I remember just one week ago stewing in anger. What’s more, that day was spent stressing, anxiously obsessing and then, ultimately, maddeningly wasted. Looking back now, the best course of action was to write a letter, send all my negative energy away and await a response. No amount of worry or brooding would bring about a desired outcome. I know all that is easy to say now on the heels of my telephone call.
I suppose what I’ve learned from all this is that if you see or experience some kind of injustice, it’s important to “speak out.” With pen and paper or with computer and printer, speak out. There are lots of things that happen in our lives that give good reason to complain, but complaints thrown to the wind or complaints vented to a friend can net few, if any, results.
As I’ve gotten older and more aware of national and global issues, I can see injustices all around. Perhaps it’s time to send a well-thought out missive addressing those issues to “the people in charge.” I haven’t ever been a real “political” person. Most of the time my day-to-day life is all I can handle, but maybe the time has come for me to be a little more political and a little more verbal.
I’d almost forgotten how important written communication could be. And while we’re at it, why restrict communication to complaints, how about some gratitude, kudos and encouragement. Sending thanks, well wishes or just telling someone you love them can bring a smile and make a day. Imagine how you’d feel, opening your mailbox and finding some unexpected note with love inside. I can imagine it and I know it feels good.
Anyway, this Monday has not been a day wasted and the day isn’t over yet! I’m glad of that as our time here is too precious to waste a minute. So tonight I’m going to enjoy a movie with “The Girls,” and only productive complaining is allowed!
Friday, August 21st, 2009
One day you’re a diamond and then you’re a stone. Sometimes you’re the windshield, sometimes you’re the bug. Sometimes you’re strolling through Downtown Albany, wearing your crisp, new, white jacket with over-sized black buttons and a bird craps on your lapel.
It’s always risky for me to wear white. I’m very aware of that fact. Truth is I’m prone to dripping, dropping and drooling so avoiding light colored shirts, sweaters and tees is a must most of the time. Since I’d successfully worn a white sweater a few weeks ago (in spite lunching out with my co-workers), caution got thrown to the wind.
So on Wednesday morning when my new white jacket with the big black buttons called out from the closet, “Pick me,” I just couldn’t resist. The new me could handle the responsibility required to wear white. I recall taking great pains to stay pressed and clean as I readied for work. My strategy for the rest of the day, refrain from having coffee while in the car, pay special attention when drinking my cup of Yemen Mocha Java at the office and act like a lady (not to imply that I don’t act like a lady most days). As the day progressed, the courage to wear white enveloped me.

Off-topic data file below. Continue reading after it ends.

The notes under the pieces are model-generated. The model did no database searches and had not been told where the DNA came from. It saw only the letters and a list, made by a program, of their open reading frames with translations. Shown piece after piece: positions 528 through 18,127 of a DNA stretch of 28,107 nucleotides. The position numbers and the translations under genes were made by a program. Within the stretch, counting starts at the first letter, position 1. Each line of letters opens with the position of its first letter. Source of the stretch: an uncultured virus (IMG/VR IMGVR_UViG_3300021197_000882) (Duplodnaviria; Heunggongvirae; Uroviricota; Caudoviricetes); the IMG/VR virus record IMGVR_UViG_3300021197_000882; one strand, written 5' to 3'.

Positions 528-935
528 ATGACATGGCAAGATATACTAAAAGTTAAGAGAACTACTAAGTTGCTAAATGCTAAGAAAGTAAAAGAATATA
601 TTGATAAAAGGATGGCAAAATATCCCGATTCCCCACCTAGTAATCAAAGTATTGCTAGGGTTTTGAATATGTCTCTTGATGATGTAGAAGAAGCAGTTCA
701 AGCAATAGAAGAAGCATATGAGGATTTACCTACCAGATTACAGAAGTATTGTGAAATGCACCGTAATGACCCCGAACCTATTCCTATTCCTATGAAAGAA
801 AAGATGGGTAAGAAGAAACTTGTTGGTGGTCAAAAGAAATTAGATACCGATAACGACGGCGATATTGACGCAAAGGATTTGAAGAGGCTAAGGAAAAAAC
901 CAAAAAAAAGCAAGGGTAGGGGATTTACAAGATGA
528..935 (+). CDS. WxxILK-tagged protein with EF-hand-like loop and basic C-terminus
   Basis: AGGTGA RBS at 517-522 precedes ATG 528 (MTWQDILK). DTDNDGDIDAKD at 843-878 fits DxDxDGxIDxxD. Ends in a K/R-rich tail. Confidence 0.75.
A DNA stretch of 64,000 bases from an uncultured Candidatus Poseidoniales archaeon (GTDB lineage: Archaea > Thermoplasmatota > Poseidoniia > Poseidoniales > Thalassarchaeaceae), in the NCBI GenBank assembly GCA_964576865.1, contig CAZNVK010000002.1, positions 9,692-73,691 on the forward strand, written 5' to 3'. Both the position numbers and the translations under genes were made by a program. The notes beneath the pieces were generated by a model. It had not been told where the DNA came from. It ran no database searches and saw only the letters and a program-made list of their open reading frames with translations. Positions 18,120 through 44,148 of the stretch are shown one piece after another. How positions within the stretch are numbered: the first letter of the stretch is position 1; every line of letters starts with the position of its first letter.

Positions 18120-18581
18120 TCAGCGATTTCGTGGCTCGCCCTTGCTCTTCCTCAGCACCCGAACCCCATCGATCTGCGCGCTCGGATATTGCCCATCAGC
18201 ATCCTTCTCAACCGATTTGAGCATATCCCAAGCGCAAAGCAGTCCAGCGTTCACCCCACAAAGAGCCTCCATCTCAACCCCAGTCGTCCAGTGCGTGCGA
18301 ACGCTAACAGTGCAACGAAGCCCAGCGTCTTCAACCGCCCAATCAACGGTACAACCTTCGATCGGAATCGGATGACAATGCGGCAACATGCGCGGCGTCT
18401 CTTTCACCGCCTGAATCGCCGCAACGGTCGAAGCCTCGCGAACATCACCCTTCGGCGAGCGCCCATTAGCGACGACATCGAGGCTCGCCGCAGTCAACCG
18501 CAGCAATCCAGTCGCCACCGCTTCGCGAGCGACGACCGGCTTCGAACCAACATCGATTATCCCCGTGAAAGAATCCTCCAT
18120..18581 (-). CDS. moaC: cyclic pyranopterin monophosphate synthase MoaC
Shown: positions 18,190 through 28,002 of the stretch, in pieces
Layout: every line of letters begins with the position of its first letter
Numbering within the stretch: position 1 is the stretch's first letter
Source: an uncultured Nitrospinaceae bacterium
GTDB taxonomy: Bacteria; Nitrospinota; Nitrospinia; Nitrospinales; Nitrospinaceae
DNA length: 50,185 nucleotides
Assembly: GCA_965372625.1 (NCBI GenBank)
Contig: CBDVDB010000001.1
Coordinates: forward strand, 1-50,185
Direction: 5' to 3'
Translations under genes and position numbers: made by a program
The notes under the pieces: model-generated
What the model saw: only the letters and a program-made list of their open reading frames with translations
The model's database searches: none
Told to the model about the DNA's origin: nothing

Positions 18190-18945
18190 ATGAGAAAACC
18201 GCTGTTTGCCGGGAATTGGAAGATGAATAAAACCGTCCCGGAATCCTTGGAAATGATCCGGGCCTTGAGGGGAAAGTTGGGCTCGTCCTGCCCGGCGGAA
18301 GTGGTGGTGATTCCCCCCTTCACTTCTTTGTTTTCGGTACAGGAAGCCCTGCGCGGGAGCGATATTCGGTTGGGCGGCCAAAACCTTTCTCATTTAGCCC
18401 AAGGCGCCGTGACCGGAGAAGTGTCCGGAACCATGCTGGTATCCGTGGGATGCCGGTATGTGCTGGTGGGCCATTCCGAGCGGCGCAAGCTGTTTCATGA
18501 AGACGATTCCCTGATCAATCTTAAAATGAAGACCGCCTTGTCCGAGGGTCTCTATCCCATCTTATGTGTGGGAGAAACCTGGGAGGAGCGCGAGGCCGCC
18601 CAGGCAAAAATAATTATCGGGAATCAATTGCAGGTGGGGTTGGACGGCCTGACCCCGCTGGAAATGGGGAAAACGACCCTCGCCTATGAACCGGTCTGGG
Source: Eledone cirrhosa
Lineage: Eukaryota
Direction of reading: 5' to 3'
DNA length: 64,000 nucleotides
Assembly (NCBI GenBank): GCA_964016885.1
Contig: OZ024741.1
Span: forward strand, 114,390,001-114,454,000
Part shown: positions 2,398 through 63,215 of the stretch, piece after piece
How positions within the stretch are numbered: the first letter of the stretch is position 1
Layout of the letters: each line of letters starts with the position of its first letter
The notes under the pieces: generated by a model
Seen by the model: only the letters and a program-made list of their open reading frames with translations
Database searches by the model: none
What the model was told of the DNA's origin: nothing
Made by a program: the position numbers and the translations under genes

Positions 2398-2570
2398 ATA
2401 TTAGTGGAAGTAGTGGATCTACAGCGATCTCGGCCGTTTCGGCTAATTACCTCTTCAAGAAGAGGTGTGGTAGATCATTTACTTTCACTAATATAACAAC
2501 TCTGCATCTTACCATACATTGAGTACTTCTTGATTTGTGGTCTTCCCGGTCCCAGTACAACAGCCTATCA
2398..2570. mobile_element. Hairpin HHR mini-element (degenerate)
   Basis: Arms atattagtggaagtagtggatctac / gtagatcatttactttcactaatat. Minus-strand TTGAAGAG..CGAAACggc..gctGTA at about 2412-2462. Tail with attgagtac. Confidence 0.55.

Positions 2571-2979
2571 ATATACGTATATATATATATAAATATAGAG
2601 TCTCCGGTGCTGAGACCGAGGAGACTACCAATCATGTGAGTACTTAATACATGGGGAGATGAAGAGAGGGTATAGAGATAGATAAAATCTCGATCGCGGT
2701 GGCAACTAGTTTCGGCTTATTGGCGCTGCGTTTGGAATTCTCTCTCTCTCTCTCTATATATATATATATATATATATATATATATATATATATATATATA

I was reveling in my whiteness as I left the office to pick up my new favorite salad at my new favorite deli. With salad in hand, I stopped briefly to window shop on the way back to the office. As I was eyeing up a little green teapot I thought would be perfect for a friend (the new me thinking already about Christmas), I was assaulted, “Plop!” At first I thought it was a large droplet of water and since I was wearing my hair braided with the long braided tail slung stylishly over my left shoulder I didn’t readily realize a pigeon pooped on my lapel. When I scooted my hair out of the way I found a large, greenish-brown, slimy, oozing blob on my new white jacket.
What had I done to deserve this humiliation?! I was innocently thinking of someone else, “Why Me?!” Honestly, the pigeon poop was so large and hit so hard that I thought I might have to see a doctor for a dislocated shoulder.
Okay I know I’m overacting and exaggerating just a bit, acting as if this malicious pigeon just had it in for me, stalking me as I walked innocently from my office building, getting me in his slights and then waiting for the perfect moment. “PLOP!” “HA!”
I know. . . I know. . . sometimes shit just happens in life. Get over it.
Tuesday, August 4th, 2009
Here it is, the white-knuckle, hair-raising, frightening...... Ferris Wheel!
Finally, on Saturday we got a day filled with sunshine! It’s been raining here almost every day since June 2nd and I’ve considered ordering lumber to begin building an ark. Don’t be alarmed, I’ve not gotten word from the Big Guy upstairs, but sometimes circumstances dictate the best course of action. And then the sun came out. What a welcome relief to finally get some sunshine and just in time for country fair season.
The Cobleskill Sunshine Fair is so prestigious that Elvis even made an appearance and was nice enough to pose for a pic with my husband, Tom!
Last Friday was the first day of our local county fair, the Cobleskill Sunshine Fair. Our Sunshine Fair is (in my opinion) one of the best around. This area is predominantly agricultural, a place where the “right-to-farm” law prevails, so here you’ll find the fairground barns filled to capacity. Cows, goats, sheep, rabbits, chickens and horses (my favorite) all at the fair for more than a week to be shown off by their proud and hardworking caretakers.